So that didn’t work. They didn’t give us the money. At that stage our lawyers were saying, ‘Look you’ve got a legally binding contract here. If you don’t find the money by the 31st of January then the guy who owns this will sue you and then your business will be ruined.’ We effectively had less than three weeks to find the money. I put together a loan-note instrument and went round Dublin city to everybody and anybody that I knew or I’d ever heard of that was anywhere reasonably wealthy and offered them an opportunity to subscribe to some of the loan notes and put a fairly effective coupon, — I think it was a 12 percent coupon –on the loan notes and through that raised about one third of the money. With this we then next went to another bank and said, ‘Here, we’ve raised this ourselves,’ and we ended up getting the balance and completing the deal. That was a fairly significant milestone for us. It was a little bit scary in the outset in terms of whether we were going to get that or not but we did. Hostels.com returned the full purchase price in profit for us in the first 18 months.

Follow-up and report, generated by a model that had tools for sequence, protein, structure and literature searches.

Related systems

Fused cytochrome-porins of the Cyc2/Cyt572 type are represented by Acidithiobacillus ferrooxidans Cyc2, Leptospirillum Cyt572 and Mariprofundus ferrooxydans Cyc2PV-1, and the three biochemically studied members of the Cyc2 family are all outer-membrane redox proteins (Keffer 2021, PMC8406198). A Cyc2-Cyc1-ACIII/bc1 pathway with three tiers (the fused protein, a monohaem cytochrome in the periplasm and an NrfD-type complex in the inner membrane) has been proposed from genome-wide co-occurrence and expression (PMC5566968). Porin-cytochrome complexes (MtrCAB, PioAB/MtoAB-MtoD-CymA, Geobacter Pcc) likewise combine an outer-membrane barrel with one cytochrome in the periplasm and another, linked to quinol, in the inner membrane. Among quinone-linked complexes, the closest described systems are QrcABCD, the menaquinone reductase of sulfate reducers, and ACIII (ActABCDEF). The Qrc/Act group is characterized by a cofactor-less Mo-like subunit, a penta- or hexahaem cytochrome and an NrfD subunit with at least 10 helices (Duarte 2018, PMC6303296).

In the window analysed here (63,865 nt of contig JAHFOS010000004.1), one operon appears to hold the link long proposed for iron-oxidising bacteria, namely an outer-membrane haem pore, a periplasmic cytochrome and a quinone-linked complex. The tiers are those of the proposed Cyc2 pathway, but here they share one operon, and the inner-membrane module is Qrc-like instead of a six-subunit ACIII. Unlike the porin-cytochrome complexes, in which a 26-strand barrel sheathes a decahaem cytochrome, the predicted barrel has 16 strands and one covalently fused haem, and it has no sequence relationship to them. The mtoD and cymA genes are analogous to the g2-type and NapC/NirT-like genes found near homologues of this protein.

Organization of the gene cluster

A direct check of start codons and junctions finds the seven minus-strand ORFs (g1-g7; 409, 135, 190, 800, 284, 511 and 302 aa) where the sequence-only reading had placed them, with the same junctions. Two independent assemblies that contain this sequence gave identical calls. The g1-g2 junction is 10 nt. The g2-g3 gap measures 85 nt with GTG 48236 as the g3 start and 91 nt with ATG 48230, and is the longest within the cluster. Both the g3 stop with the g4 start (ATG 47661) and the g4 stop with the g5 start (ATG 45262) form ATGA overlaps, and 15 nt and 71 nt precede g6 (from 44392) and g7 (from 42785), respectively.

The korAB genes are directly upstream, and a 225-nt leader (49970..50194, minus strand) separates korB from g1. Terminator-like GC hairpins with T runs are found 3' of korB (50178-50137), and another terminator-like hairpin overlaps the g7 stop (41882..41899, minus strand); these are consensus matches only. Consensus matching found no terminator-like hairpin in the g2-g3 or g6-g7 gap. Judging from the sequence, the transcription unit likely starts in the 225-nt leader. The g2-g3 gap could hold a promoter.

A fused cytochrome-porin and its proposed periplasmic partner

We were probably 30 to 35 people by 2004. In terms of the destination markets, Europe would’ve been the biggest piece because there are more hostels in Europe than anywhere else. Europe would’ve been probably 75 percent of the destination market. Although in terms of sources of customers it would have been pretty global and the U.S. has always been our biggest nationality of customers.
Skift: By 2004 had competitors emerged and had the OTAs started doing anything?